Liberal Democrats

F23: Implementation of Universal Credit

Submitted by 10 members

Mover: Stephen Lloyd MP | Summator: Kelly-Marie Blundell

This motion applies to   

Full text of the motion:

Conference notes that Liberal Democrats support the principles behind Universal Credit, namely its aims of simplifying the social security system, improving work incentives, increasing take-up, tackling poverty and reducing fraud and error.

Conference however further notes the criticisms made of the detailed design and implementation of Universal Credit under the Conservatives as set out in policy paper 124 Mending the Safety Net(2016) and the General Election Manifesto Change Britain’s Future (2017).

Conference notes with deep concern the new Citizens Advice report Delivering on Universal Credit published on 6 July 2017 which shows that the requirement to wait six weeks for first payment is causing people serious financial difficulties, while highlighting a range of other administrative problems, and similar findings by the Joseph Rowntree Foundation. In particular, conference regrets findings that:

  1. Over a third (39%) of people are waiting more than the 6 weeks it should take to receive their first payment.
  2. In some pilot areas, the average waiting time is as high as 12 weeks.
  3. Just over 1 in 10 (11%) are waiting over 10 weeks without the benefit.
  4. 3 in 5 (57%) are having to borrow money while waiting for their first payment.

Conference therefore calls for the Government to pause the planned accelerated roll-out of Universal Credit until problems with implementation can be addressed through the following measures:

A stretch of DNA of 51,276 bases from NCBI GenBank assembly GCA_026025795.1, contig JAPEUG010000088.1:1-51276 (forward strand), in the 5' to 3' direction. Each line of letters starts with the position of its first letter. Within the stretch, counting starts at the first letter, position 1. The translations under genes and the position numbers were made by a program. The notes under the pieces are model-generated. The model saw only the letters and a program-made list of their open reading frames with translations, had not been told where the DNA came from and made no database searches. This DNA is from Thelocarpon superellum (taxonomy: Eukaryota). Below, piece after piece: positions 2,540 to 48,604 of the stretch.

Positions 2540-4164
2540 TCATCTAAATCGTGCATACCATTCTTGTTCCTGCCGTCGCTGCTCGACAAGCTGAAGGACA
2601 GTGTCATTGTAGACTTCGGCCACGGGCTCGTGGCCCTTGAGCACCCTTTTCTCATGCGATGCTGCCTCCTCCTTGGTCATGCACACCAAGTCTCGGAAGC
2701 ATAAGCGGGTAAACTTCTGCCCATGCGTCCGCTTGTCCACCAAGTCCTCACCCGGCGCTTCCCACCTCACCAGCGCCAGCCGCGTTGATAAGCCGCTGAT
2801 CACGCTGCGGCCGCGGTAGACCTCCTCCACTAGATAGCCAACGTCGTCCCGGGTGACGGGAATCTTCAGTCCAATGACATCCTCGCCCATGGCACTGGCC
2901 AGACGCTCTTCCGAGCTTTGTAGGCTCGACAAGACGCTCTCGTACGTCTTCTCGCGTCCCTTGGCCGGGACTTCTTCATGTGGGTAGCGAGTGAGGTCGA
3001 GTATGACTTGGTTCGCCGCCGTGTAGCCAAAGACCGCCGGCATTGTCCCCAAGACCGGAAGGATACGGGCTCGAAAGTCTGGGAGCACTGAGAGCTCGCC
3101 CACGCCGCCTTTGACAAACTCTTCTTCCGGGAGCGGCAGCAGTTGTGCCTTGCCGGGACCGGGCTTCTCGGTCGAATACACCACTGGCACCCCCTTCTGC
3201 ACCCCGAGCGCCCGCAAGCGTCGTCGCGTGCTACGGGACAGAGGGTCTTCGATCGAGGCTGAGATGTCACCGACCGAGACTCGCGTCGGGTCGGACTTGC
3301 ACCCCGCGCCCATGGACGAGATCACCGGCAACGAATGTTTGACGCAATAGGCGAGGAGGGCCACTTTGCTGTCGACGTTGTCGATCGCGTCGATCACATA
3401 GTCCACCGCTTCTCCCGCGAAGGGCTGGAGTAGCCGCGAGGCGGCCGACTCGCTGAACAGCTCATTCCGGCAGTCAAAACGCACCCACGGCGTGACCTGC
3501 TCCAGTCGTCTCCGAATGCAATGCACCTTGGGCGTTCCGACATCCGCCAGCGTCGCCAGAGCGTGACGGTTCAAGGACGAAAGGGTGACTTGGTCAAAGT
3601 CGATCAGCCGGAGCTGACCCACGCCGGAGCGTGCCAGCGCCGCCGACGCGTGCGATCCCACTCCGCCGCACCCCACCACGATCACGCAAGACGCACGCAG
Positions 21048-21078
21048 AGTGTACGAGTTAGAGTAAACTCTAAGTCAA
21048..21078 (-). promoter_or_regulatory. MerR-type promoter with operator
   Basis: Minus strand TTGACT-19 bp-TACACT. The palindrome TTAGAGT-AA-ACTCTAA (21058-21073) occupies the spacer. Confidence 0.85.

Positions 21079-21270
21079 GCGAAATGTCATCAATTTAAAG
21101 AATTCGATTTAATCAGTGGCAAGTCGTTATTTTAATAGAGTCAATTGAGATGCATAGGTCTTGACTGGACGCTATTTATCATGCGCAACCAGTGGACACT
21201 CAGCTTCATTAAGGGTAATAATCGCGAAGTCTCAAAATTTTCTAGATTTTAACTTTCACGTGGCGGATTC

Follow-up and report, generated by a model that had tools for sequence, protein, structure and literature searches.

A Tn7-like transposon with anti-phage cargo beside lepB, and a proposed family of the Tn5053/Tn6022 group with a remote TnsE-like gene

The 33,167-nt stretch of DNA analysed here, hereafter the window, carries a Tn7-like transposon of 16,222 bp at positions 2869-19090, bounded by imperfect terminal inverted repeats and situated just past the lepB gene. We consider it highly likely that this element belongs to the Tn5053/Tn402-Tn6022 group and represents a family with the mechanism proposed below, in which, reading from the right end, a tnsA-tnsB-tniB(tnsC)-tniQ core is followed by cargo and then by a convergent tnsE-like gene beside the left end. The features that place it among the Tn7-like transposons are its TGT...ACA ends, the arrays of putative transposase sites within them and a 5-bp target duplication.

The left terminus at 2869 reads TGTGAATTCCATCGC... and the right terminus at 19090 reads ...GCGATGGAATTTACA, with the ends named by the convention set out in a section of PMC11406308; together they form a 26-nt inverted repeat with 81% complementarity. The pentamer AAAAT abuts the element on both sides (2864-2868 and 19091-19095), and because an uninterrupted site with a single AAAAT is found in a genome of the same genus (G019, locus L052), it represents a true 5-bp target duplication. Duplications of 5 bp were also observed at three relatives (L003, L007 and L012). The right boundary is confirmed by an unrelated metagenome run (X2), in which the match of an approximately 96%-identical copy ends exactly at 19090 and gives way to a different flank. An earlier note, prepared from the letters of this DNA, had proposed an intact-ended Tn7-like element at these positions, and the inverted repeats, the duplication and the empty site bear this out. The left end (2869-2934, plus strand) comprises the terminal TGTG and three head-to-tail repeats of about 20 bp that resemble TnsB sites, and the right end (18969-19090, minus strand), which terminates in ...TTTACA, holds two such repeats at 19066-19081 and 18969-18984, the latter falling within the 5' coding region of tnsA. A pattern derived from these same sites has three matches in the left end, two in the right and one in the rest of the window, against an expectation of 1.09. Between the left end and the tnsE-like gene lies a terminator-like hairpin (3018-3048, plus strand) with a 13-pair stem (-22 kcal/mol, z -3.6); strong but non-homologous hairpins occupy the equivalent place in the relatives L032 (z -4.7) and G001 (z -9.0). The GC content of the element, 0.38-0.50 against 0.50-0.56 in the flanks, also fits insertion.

1. Removing the 7 waiting days at the start of a claim, to reduce the amount of time people have to wait for their first payment.
  2. Monitoring the impact of payment one month in arrears, and changing it if this results in rising debt and destitution.
  3. Making sure everyone moving to Universal Credit is told they can get an Advance Payment to help them while they wait for their first payment.
  4. Introducing an online system so people can book their initial Jobcentre appointments online rather than having to call the Universal Credit helpline.
  5. Making the Universal Credit helpline free of charge, at least until the roll-out is complete.
  6. Allowing people to adjust to Universal Credit by offering everyone options in how they would like the benefit to be paid.
  7. Putting in place a comprehensive support package before Universal Credit roll-out accelerates, to make sure people get advice to manage their money and deal with any complications in the< application process.

Conference reiterates its support for more substantial reform of UC including:

  1. Reversing the Government’s cuts to the amount claimants can earn (the “work allowance”) before their benefits are reduced.
  2. Introducing a second work allowance, allowing both members of a couple to work without losing their benefits.
  3. Restoring the first child premium for new claimants.
  4. Abandoning the restriction of benefits to just two children.
  5. Ending the freeze on working-age benefits.

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